The real deal: Twillingate shutterbug says viral iceberg snap not Photoshopped

A woman who snapped a photo of an iceberg that went viral online says it's the real deal.

Doreen Dalley captured towering iceberg from a friend's patio with telephoto lens

The original, uncropped photo taken by Doreen Dalley on June 15 with a Canon 60D and 300mm zoom lens. (Doreen Dalley)

If you scroll through the photos on Doreen Dalley's Facebook page you'll see some fantastic shots — crashing waves, vivid sunsets, breaching whales and plenty of majestic icebergs.

But it was one photo in particular that has grabbed attention on social media. A spectacular iceberg towering over a house in Little Harbour, a tiny community about four kilometres from Twillingate on Newfoundland's northeast coast.  

It was taken by amateur photographer Doreen Dalley, who has been snapping photos of the scenery in iceberg alley for the past 30 years. 

Dalley usually chooses a favourite iceberg photo for the family Christmas card. (Doreen Dalley)

"I think it all started when I decided that I was going to use an iceberg picture for my Christmas cards," she told CBC Radio's Corner Brook Morning Show.

When this one showed up in Little Harbour, her cousin called and told Dalley to bring her camera.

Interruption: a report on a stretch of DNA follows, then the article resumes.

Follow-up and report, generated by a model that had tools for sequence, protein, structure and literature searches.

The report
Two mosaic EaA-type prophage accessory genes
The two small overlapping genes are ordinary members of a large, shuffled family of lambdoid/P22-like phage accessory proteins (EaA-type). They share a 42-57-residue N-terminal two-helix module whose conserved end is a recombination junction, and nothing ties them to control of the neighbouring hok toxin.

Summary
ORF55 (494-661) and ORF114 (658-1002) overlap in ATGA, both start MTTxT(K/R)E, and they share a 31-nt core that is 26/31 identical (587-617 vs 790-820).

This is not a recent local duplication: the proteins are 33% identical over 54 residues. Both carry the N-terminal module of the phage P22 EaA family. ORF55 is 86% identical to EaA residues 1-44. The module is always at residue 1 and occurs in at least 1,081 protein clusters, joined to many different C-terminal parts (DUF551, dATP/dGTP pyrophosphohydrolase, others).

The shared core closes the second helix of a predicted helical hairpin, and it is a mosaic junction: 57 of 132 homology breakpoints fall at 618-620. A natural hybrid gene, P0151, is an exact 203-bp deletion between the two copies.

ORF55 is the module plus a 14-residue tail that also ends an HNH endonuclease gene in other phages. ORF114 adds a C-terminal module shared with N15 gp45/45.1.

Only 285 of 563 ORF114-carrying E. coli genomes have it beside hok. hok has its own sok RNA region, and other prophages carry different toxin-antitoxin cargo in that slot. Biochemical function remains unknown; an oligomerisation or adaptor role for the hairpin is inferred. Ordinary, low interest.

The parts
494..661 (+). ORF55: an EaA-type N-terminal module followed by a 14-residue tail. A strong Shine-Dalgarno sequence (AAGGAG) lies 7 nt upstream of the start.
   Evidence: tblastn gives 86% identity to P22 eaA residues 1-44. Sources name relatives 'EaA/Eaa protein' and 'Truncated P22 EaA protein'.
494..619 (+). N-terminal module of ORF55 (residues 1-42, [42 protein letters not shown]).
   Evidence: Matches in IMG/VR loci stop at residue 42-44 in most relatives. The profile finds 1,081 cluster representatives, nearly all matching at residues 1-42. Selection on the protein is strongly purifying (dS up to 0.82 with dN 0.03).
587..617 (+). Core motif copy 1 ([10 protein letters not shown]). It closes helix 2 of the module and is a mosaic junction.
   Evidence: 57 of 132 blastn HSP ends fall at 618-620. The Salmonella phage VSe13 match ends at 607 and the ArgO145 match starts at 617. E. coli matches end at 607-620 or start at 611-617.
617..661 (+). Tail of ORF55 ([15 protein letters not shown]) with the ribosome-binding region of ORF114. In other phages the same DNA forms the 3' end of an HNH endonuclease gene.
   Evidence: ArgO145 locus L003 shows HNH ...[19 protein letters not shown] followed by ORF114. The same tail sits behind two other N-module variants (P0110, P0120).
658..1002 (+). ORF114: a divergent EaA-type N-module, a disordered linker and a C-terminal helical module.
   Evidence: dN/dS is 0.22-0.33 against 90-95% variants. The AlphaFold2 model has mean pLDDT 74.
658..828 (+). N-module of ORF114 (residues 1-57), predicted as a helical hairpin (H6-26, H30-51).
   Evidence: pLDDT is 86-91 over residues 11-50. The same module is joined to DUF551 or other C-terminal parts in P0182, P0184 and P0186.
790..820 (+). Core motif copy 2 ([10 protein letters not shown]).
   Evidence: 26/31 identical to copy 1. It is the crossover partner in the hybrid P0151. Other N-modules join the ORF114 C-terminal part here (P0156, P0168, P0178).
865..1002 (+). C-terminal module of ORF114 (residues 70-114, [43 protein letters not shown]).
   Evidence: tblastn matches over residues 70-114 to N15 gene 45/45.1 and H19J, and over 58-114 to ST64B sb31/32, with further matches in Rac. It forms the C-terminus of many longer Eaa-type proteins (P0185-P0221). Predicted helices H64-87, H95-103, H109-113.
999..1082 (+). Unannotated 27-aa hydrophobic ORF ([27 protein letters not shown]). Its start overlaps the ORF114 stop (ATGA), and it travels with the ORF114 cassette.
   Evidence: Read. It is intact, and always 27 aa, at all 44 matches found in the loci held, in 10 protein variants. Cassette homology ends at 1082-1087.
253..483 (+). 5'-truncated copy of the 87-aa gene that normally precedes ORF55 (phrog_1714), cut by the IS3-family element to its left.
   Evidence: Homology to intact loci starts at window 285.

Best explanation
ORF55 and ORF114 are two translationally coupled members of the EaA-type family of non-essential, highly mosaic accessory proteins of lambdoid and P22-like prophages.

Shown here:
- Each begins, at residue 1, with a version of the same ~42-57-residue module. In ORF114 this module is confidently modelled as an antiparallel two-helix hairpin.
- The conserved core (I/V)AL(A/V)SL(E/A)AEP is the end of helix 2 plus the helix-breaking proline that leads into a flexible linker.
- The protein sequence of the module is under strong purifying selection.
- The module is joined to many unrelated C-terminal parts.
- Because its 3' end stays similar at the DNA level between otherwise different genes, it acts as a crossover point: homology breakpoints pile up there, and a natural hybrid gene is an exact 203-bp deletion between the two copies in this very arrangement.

"I can't tell you how many times I went back there. It's about a five minute drive from my house," she said. "The iceberg kept changing and I kept taking picture after picture."

If I could Photoshop I would take a picture of myself and make me skinnier and taller.- Doreen Dalley

She posted her shot to the Newfoundland Iceberg Reports page on Facebook. 

"I think somebody shared it and they cropped it. Because my original picture wasn't cropped," Dalley said.

"From that cropped picture it went, I think, viral. A lot of people saw it and liked it."

"People are accusing me of Photoshopping. I wish I could Photoshop, but if I could Photoshop I would take a picture of myself and make me skinnier and taller." 

"I don't have any of that. I'm just not a computer savvy person."

Ever-changing scene

Dalley took numerous photos of the iceberg from different angles at different times of day. 

A different perspective of the scene, taken early morning after the iceberg had moved. She used a polarizing filter because the sun was so bright. (Doreen Dalley)

"I just put my camera on landscape and I shoot and that's it," she said. "I zoom in and zoom out." 

She said the response to the photo has been overwhelming. She was even contacted by a television station in New Zealand.

While she understands people find the scale of the photo incredible, being accused of faking it isn't a good feeling.

Dalley has taken thousands of photos of icebergs in the Twillingate area over the years. (Doreen Dalley)

"I know that within my own self that it's not Photoshop and that's it. I have lots of pictures on my camera that can verify that," said Dalley.

"When it's zoomed in it looks so huge. But it was a big iceberg, a really big iceberg, and there were a lot of people who took pictures of the same iceberg, and could tell you it was there."

Merry Christmas, Newfoundland-style

Even though it has created such a buzz, the photo might not make the cut for the Christmas card this year. 

"I like the one I took last week, it has all different colours and it has a hole right through the iceberg and its shaped like a heart."

This photo of a berg with a heart-shaped hole was taken at sunset on a boat tour. (Doreen Dalley)

With files from the Corner Brook Morning Show